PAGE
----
• In reality this won’t happen, neither do I believe that Tim or Jeremy would be campaigning for such a move if they were actually in government.
    What is more likely is that Britain and America will set a date for a visit that ‘just happens’ to be after the restriction on movement has ended, rather than Britain issuing any public statement from the government stating that the president is not welcome unless or until etc. What is said in private may be a different matter and hence we have the reality of power v opposition.

  • Denis Loretto 29th Jan '17 - 4:36pm

    The list of countries chosen for these restrictions is carefully selected to avoid inclusion of countries regarded as politically or economically important to the USA. For example Saudi Arabia, birthplace of the late Osama bin Laden and many others of his ilk.

  • Does everyone who opposed this ban appreciate that 6 of the 7 countries (Somalia being the exception) refuse entry to Israeli passport holders?

    Or is that OK?

  • To John in comment above, two wrongs do not make a right

  • Petition just gone past 800,000 🙂

  • Strange really, I don’t know if anyone has heard of him but there is an American left wing Comedian called Jimmy Dore, he has a YouTube show and one item asks some awkward questions for people who are outraged now.
    Go look at it:

  • To Peter Kemp – a shallow reply. Why not face up the the fact that double standards are now the norm? Sadly on this site as well.

  • @chris_sh

    What was the point in posting that inane non-sequitur?

    This is why there is justifiable anger at May’s behaviour:

    http://www.bbc.co.uk/news/world-us-canada-38793071

  • Tsar Nicholas 30th Jan '17 - 9:04am

    Where were the protests against Obama when he killed Muslims via the attack on Libya and drone strikes on civilians?

  • If the ‘visit’ does go ahead may I suggest that HM ‘pulls a sickie’….Donald could then ride the ‘golden coach’ on his own; a banquet at Buck House with the DoE who, not noted for his tact, could remark, “I’m off to bed; see yourself out”…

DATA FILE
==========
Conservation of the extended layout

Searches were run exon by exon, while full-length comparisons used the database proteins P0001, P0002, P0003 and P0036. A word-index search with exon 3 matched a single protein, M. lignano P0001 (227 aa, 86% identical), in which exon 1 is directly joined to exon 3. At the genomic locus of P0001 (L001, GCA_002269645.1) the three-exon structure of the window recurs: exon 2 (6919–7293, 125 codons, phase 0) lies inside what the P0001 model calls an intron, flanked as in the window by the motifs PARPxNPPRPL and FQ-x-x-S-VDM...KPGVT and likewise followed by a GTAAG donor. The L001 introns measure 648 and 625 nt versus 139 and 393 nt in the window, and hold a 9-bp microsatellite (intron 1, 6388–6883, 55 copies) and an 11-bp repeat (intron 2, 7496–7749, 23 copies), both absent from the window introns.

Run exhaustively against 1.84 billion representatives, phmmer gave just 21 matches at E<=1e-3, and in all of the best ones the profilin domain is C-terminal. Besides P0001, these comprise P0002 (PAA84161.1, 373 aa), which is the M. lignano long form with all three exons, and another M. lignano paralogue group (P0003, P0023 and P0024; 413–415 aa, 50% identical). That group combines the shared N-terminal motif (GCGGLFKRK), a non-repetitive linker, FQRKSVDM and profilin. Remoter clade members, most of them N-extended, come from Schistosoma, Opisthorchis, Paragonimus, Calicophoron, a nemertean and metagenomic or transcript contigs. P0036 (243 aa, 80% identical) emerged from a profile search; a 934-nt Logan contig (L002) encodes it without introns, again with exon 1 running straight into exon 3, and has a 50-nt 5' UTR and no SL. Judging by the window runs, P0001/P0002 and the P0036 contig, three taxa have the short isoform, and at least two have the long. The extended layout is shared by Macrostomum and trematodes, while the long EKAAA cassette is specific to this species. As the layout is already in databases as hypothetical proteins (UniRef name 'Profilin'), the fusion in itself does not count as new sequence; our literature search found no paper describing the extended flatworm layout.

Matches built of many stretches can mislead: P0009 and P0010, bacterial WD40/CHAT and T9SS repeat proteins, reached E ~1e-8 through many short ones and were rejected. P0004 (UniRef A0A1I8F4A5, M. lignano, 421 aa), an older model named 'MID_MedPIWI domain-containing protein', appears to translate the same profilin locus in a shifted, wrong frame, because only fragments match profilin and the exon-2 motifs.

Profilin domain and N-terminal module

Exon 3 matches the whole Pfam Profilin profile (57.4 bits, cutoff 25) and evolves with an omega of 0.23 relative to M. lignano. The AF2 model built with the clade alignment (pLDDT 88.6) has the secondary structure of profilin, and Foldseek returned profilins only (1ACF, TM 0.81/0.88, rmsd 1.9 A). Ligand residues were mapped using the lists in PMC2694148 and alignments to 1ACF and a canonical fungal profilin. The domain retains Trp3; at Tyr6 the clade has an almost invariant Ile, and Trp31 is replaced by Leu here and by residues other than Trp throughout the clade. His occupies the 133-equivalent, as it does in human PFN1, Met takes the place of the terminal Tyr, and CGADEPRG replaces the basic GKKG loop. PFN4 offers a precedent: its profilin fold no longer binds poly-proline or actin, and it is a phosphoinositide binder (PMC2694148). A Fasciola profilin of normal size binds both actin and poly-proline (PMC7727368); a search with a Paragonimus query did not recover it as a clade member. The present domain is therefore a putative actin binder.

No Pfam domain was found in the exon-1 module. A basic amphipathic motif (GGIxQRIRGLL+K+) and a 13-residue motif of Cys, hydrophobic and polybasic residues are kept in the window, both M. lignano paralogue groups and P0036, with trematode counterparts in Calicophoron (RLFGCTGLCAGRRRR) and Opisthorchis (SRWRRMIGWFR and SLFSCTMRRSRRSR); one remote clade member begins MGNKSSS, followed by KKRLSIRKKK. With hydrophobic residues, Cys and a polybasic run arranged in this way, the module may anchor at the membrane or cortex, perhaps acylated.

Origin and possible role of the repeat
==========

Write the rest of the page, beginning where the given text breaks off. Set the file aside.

• The rate at which people are signing the petition has just increased dramatically to around 400-500 people per update – up from around 200 yesterday. I assume this is because of May’s dismissal of it. I can envisage some serious civil disorder in London if the State visit goes ahead.

  • John: I don’t see your point at all. Of course it’s wrong that those states are refusing entry to Israeli passport holders. But our government is not seeking a trade deal with them, nor proposing to invite their leaders here for a state visit.

  • Alex

    Thank you for replying. In addition to the seven countries included in the temporary US ban there are the not-insignificant Pakistan, Bangladesh and, of course, Saudi. I would imagine that the UK has considerable trade links wth each of these. The main article rightly applauds Vince Cable’s principled stand against the Saudi visit. However the disconnect between the appreciation expressed by many contributors for the number of petition signatures and the absence of condemnation of the long-standing and ongoing ban on Israeli citizens (which by definition must include in excess of one million, mostly Muslim, arabs) is at last worthy of reflection.

    That’s my view anyway. As I said thank you for replying and politely engaging with me.

  • …. at least!

  • Alex Macfie 30th Jan '17 - 1:09pm

    You would expect greater protest against a ban imposed in the last week (especially in such an arbitrary fashion) than a long-standing ban. Especially by a supposedly free and democratic country from which we might expect better than a Middle Eastern dictatorship guilty of much worse than just denying a certain country’s nationals right of entry. And it affects much more people, as Israeli passport holders (even Arabs) are much less likely to want to visit most of those countries than anyone would the US.
    And finally, because the US is supposedly a free and democratic country, protests are perhaps more likely to have a material effect on the country’s policy.

    None of this is to excuse anything that middle eastern countries do. But if we decide that you can’t protest about issue A unless you also protest about issue B, then no-one will be allowed to protest against anything. Rather than moaning about “double standards” it would be much better to be thankful that people are sufficiently politically agitated to protest about something, and maybe then make people aware of other similar wrongdoings.